A XML-RPC service used for examining web pages accessibility
Python JavaScript
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spec·u·lar  /ˈspekyələr/
Adjective:  Of, relating to, or having the properties of a mirror.


Specular is a suite of tools and libraries used for
cross-(browser|platform) testing of ARIA implementations in user
agents. Specular currently consists of the following components that
may be distributed seperately for ease of use:

1. Speclenium Server (speclenium_server.py)
Speclenium is a server that runs along-side Selenium Server to provide
accessibility API assertions during a Selenium automated
tests. Typically when Speclenium Server is launched, it will start an
instance of Selenium Server (formerly known as Selenium-RC). 

All test target machines need to have Speclenium Server running on 
them. Either pass it the Selenium Server's jar to launch with, or
launch Selenium Server yourself and --no-selenium.
Here is an example command line used to launch Speclenium Server:
$ python speclenium-server.py -S path-to-selenium-server.jar

2. Speclenium Client (speclenium_server.py)
The client commnicates with Speclenium Server over port 4117 to 
control the tests. There's no need to launch it separately, as the 
tests will do that.

3. PyUnit Test Suite (run_tests.py)
Selenium Server allows tests to be driven accross machine boundaries by
almost any standard unit testing framework, in any language. The test
suite bundled with Specular is written in Python, and tests for ARIA
conformance across browsers. The test suite too could be distributed 

The tests can be found in the “tests” subdirectory. The “run_tests.py” 
script is an easy harness that allows running the test with any 
combination of tests and of browsers defined in “settings.ini”. Run 
with “–help” to see range of options.

4. API delta tool (quick_diff.py)
This allows pointing two browsers at a URL, and spotting the 
differences in their accessible object hierarchies. It uses the same 
“settings.ini” to provide remote (or local) hosts and their installed 
browsers. It also allows saving a hierarchy to file for later comparison 
with different browsers or builds. The delta could be viewed either by 
a list of changes, or by a browser viewable XML file (put the output XML 
file in “viewdiff” for that to work). This tool is still in early stages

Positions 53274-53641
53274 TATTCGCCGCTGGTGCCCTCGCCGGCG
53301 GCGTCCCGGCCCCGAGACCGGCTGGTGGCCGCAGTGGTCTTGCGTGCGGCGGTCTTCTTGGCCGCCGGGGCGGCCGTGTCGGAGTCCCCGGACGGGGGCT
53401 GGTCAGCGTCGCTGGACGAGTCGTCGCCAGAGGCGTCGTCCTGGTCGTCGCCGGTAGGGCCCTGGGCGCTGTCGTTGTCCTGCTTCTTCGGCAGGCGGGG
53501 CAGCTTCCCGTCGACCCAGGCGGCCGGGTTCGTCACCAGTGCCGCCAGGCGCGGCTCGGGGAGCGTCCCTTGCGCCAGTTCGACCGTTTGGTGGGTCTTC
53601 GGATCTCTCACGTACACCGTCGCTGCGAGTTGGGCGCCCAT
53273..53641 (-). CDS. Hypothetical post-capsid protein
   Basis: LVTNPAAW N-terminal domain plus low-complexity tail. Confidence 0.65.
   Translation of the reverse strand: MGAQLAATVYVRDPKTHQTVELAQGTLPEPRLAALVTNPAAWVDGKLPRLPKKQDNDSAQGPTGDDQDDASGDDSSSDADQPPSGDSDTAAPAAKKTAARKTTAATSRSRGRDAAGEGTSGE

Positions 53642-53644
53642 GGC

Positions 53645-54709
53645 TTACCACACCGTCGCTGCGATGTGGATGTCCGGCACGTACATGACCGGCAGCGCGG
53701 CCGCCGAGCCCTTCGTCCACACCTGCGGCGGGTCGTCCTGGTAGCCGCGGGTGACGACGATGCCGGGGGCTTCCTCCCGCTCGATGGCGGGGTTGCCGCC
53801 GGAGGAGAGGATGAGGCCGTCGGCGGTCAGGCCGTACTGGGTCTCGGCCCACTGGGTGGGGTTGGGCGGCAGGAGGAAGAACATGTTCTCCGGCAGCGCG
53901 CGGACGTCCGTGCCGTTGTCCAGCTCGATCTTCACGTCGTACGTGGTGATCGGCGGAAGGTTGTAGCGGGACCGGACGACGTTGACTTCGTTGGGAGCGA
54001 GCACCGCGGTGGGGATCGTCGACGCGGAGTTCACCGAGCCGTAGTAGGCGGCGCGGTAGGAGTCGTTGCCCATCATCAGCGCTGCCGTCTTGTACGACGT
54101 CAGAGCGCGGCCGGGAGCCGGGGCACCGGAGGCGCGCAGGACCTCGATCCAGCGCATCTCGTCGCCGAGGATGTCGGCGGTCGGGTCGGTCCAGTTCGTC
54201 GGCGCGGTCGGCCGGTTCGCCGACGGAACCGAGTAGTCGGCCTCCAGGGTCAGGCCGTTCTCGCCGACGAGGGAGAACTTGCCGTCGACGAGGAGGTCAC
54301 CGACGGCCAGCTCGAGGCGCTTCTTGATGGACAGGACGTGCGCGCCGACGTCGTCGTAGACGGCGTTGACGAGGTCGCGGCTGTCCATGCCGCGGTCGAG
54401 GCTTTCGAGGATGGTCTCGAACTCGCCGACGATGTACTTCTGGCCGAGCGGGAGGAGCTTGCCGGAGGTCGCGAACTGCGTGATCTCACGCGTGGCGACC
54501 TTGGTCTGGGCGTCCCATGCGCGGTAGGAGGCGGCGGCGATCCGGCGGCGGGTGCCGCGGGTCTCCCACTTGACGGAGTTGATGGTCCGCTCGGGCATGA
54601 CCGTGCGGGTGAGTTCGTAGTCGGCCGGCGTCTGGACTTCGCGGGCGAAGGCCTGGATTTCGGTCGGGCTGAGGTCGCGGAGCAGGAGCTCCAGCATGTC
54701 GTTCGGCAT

of development, so the tree size it can handle is fairly limited, don’t 
point it at GMail just yet!

Visual Overview of Architecture

run_tests or quick_diff  (launch second)
     |          |
  Speclenium Client
      [port 4117]
   Speclenium Server (launch first) 
      [port 4444]
    Selenium Server

Quick Start

These steps work if you're running everything on the same computer:

1. Install Selenium Server (yes, it's just a JAR file)
2. python speclenium-server.py -S path-to-selenium-server.jar
3. Check http://localhost:4444/wd/hub/status to see if it's running.
   You should get a JSON status back
4. Edit settings.ini -- the default settings.ini just runs Firefox and 
   Chrome on Windows. See all-browsers.ini for more examples.
5. python ./run_tests.py   or    python ./quick_diff.py
6. Quit Speclenium Server via Ctrl+C in the console it's running in.

Building Distribution Packages

The whole of Specular is developed in one repository and it's source
is distributed as one monolithic collection of the components
above. Nonetheless, the individual components could be packaged
seperately, and include some basic dependancies to ease
installation. The following setup.py commands should work:

1. speclenium_dist
This prepares an archive with the library and script needed to start a
Speclenium server. A Selenium Server JAR file will be bundled with this
package, and Speclenium will launch Selenium Server at startup.

2. speclenium_dist_win32
This prepares an executable of Speclenium for Windows. All
dependancies are included in this package, even Python.

3. tests_dist
This prepares an archive of PyUnit tests and a harness called
'run_tests'. This distribution will bundle selenium.py, which is an
external module from the Selenium project.

Project Status
As of February 2, 2012, Aaron Leventhal is working to revitalize the 
project. So far ./run-tests has been able to run through Firefox, but
produces many failures.